The court held that this disclosure duty under Item 303 is not actionable under Section 10(b) and Rule 10b-5, reasoning that, as the Supreme Court held in Matrixx Initiatives v. Siracusano, 131 S. Ct. 1309, 1321-22 (2011), "neither Section 10(b) nor Rule 10b-5 'create[s] an affirmative duty to disclose any and all material information. Disclosure is required under these provisions only when necessary to make statements made, in ... light of the circumstances under which they were made, not misleading.'"
The Third Circuit's Decision in 'Oran'
In its analysis, the Ninth Circuit stated that its reasoning and holding were consistent with the Third Circuit's decision in Oran, which compared the SEC's test for disclosure under Item 303 to the Supreme Court's securities fraud materiality test set forth in Basic v. Levinson, 485 U.S. 224 (1988). As the Third Circuit explained in Oran, the SEC's test for Item 303 disclosure provides that:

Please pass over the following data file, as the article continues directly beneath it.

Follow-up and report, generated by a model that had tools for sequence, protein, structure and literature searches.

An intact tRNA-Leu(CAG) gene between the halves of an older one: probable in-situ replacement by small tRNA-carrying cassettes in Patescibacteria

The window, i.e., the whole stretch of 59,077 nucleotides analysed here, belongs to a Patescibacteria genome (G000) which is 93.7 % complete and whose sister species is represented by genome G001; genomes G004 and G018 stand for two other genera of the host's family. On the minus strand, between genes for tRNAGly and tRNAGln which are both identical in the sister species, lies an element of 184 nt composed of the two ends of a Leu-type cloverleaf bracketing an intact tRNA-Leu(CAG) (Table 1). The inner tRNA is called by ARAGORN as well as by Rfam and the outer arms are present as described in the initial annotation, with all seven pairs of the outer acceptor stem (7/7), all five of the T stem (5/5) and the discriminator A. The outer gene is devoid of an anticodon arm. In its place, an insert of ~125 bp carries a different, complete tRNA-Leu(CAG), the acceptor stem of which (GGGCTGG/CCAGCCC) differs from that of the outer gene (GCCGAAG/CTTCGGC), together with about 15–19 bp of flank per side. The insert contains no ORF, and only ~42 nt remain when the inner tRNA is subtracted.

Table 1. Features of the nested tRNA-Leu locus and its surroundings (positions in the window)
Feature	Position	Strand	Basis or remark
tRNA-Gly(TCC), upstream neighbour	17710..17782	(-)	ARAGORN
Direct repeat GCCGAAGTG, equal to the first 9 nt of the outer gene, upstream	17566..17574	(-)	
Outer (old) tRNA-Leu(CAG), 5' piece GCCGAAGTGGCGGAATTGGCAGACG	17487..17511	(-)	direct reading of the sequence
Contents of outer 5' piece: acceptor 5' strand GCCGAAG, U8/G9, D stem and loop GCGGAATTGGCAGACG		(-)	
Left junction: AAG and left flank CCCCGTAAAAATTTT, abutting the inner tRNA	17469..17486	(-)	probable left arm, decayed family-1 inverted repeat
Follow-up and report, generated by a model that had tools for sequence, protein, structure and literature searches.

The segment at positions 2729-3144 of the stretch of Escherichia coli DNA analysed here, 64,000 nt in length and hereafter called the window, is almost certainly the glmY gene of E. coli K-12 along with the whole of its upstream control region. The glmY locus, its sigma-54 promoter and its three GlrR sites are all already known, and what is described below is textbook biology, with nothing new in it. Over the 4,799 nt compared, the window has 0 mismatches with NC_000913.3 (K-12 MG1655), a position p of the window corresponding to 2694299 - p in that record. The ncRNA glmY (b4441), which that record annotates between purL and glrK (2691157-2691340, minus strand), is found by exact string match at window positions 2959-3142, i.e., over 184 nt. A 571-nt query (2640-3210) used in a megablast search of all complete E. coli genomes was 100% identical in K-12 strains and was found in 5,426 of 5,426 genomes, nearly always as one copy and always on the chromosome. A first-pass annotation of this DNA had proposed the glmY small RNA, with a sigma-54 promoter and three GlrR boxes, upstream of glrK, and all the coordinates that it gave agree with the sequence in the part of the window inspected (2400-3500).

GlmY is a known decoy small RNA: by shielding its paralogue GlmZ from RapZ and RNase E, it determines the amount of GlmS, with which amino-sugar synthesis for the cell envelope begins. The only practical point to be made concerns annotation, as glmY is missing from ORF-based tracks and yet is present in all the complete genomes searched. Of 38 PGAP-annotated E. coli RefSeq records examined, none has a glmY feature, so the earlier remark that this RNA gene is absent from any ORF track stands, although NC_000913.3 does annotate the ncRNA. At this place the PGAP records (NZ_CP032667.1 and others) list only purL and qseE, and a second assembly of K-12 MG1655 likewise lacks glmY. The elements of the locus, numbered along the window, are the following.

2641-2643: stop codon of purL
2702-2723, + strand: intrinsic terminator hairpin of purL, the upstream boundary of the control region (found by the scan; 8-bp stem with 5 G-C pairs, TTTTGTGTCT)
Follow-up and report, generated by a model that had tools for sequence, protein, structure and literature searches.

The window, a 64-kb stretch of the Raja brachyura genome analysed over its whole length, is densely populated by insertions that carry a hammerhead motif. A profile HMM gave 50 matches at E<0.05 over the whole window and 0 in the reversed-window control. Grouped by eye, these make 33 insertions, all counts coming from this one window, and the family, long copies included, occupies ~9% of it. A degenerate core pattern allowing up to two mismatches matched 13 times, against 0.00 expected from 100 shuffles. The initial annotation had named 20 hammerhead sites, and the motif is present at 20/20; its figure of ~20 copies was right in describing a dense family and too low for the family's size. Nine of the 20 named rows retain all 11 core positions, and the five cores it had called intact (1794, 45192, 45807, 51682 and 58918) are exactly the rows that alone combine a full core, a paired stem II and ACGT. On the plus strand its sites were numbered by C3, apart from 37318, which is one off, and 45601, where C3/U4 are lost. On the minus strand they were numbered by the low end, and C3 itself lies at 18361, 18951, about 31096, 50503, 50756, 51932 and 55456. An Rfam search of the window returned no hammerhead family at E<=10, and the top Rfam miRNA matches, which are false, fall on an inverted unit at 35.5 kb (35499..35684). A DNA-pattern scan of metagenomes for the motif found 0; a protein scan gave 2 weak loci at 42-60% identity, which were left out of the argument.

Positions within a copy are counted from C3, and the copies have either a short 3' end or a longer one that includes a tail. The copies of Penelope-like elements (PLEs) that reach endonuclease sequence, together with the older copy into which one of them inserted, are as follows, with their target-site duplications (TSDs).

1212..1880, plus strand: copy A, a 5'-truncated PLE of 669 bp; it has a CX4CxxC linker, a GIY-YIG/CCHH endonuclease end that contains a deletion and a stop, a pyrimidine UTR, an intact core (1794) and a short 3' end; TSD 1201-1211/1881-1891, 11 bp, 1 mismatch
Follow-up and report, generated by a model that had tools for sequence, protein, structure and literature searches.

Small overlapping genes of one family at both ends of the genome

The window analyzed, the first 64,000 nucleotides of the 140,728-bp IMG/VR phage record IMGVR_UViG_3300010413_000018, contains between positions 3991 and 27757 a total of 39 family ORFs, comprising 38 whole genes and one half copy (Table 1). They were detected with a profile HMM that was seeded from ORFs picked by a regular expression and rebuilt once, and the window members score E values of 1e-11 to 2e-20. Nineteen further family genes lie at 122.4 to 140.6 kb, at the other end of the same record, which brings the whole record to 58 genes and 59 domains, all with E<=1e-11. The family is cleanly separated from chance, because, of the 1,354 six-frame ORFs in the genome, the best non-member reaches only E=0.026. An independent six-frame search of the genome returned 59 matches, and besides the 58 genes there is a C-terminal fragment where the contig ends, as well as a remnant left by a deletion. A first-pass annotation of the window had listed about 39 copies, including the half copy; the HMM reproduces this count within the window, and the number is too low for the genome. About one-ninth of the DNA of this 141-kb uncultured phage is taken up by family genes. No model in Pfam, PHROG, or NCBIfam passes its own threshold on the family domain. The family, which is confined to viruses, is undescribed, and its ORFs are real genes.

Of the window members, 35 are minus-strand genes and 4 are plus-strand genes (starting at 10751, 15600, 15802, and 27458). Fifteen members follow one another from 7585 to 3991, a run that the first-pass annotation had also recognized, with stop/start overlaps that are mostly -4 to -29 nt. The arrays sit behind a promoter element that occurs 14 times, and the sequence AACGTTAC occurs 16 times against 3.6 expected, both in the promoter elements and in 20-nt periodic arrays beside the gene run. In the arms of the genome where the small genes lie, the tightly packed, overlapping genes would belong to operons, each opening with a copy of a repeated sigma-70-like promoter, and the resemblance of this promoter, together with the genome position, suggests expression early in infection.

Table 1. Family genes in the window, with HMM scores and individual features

"Where a trend, demand, commitment, event, or uncertainty is known, management must make two assessments:
(1) Is the known trend, demand, commitment, event or uncertainty likely to come to fruition? If management determines that it is not reasonably likely to occur, no disclosure is required.
(2) If management cannot make that determination, it must evaluate objectively the consequences of the known trend, demand, commitment, event or uncertainty on the assumption that it will come to fruition. Disclosure is then required unless management determines that a material effect on the company's financial condition or results of operations is not reasonably likely to occur."